Watch & Listen: Little Brother Reflects on 20 Years of Making Music

A documentary from hip-hop duo Phonte Coleman and Thomas “Rapper Big Pooh” Jones shares the complicated story behind their music.
by David Menconi | photography by Antoine Lyers

One of the great hip-hop groups in North Carolina history, Little Brother, came together as students at North Carolina Central University at the dawn of the 21st century as part of the Justus League hip-hop collective.

The trio of Phonte Coleman, Thomas “Rapper Big Pooh” Jones and producer/DJ Patrick “9th Wonder” Douthit debuted with 2003’s The Listening, an underground classic. The album was recorded in bare-bones circumstances, using a makeshift dorm-room studio.

But that didn’t keep it from becoming a viral sensation through online forums like Of its time but also seemingly timeless, The Listening evoked its own world with deep layers of samples and hard-headed practicality in the lyrics. It was and is an instant classic.

Twenty years later, Little Brother is now just Coleman and Jones, and they’re making their way into the film world in much the same way they entered music. This time it’s with a documentary, May the Lord Watch: The Little Brother Story. Made over the course of five years, it traces Little Brother’s complicated history. Fittingly, Little Brother is rolling it out guerilla-style. There have been some theatrical showings, but most of its viewings so far have been on YouTube. 

“The movie industry reminds us a lot of the record business, know what I’m saying?” Coleman says with a laugh. “We’re just using what we have available to us — some screenings, trying to get into film festivals.

But all that said, it’s on YouTube, so just go watch it. Meet people where they’re at, that’s what we’ve always done. We were one of the first rap groups to ‘go viral’ at a time when nobody even knew what that was, let alone how to monetize it. Our story had to do with hearing music that was freely accessible, so the movie about our career should be experienced the same way. That’s what felt the most righteous to us.”

If the Little Brother way has always been the leap of faith of putting things out there with little regard for the bottom line, it’s working out pretty well. Between grant money from the Southern Documentary Fund and contributions from some of the 150,000-plus viewers who watched the film in its first three weeks, they’re not too far in the hole. And the response has been gratifying, with The Washington Post citing the film as proof that “hip hop can address middle age gracefully.” 

Even back during their collegiate days, Little Brother was always sonically old-school, with a sound akin to groups like A Tribe Called Quest. Albums like The Listening and 2005’s The Minstrel Show had a lot to say about life, music and the temptations of selling out. Both those albums played like movies in album form, with between-song skits and recurrent characters on the fictional WJLR (Justus League Radio) and UBN (U Black N—–) Network.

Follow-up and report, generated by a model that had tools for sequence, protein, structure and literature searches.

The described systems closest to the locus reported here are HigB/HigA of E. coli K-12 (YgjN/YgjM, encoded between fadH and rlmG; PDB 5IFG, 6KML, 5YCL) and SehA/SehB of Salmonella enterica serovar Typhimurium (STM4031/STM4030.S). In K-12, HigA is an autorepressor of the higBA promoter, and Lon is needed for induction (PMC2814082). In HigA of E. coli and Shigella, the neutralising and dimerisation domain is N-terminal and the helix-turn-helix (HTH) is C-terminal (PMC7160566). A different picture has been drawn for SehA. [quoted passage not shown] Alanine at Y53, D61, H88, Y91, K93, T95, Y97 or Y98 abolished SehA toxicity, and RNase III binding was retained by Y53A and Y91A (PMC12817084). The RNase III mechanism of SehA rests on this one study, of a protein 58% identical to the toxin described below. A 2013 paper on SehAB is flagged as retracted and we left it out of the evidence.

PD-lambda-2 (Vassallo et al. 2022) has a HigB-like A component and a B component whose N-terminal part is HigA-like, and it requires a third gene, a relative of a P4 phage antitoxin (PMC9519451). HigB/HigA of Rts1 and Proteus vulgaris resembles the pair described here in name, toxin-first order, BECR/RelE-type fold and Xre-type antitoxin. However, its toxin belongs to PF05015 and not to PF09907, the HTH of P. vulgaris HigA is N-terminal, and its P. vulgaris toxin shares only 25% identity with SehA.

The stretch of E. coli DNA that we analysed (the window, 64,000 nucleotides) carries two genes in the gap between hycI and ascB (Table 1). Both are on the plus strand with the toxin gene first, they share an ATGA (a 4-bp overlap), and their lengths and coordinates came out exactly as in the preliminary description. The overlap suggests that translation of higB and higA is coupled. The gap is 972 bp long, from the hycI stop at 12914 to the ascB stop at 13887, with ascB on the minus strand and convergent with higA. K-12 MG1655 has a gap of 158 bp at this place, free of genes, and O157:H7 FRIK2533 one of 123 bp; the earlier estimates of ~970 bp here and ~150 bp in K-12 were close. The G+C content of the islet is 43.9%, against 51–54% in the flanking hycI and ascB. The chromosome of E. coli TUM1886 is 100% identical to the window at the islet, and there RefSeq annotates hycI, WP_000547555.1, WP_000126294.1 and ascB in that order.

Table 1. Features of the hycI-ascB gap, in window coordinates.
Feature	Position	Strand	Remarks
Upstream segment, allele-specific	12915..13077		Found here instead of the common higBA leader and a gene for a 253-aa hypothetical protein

Douthit departed the lineup after The Minstrel Show, although he was intermittently involved in some Little Brother projects in the years after. On his own, 9th Wonder became one of the top producers in hip-hop (Jay-Z, Destiny’s Child, Erykah Badu, Kendrick Lamar, Rapsody) as well as a leading on-campus academic at Duke, Central and Harvard.

Jones and Coleman continued on as Little Brother until splitting for a time in the early 2010s, while Coleman concentrated on The Foreign Exchange, a group that began as a side project but picked up a Grammy nomination in 2009. Coleman and Jones got Little Brother back together full-time about five years ago. Their split with Douthit was not entirely positive, a topic the documentary does not shy away from. (Douthit chose not to appear in the film.)

“We asked and he just never responded,” says May the Lord Watch director Holland Randolph Gallagher. “We tried to make it clear it wouldn’t be a hit piece. The center of it is really not about the split, it’s more about the ebb and flow of Phonte and Pooh’s relationship.”

Watching that onscreen turned out to be a surprisingly emotional experience for both Coleman and Jones, especially when they took the film out for pre-
release test screenings in five cities.

“It was surreal standing in the back watching people watch me,” says Jones. “This was different from them hearing us rap. Now they’re watching our story, seeing our moms, Phonte’s grandmother, my best friends. There are no words to describe that feeling.”

Word from the fans has been gratifyingly positive, too. 

“We wanted it to be fair and honest to everyone,” says Coleman. “The story is the story and we wanted it told with love and care for the music we’ve created. The feedback we’ve gotten is that that comes through. Best compliment was from a homie in L.A.: This is everything I wanted, but nothing I expected. There it is. That’s like a 100-percent Rotten Tomatoes rating to me. We won, bruh, I don’t care.”

This article originally appeared in the February 2024 issue of WALTER magazine.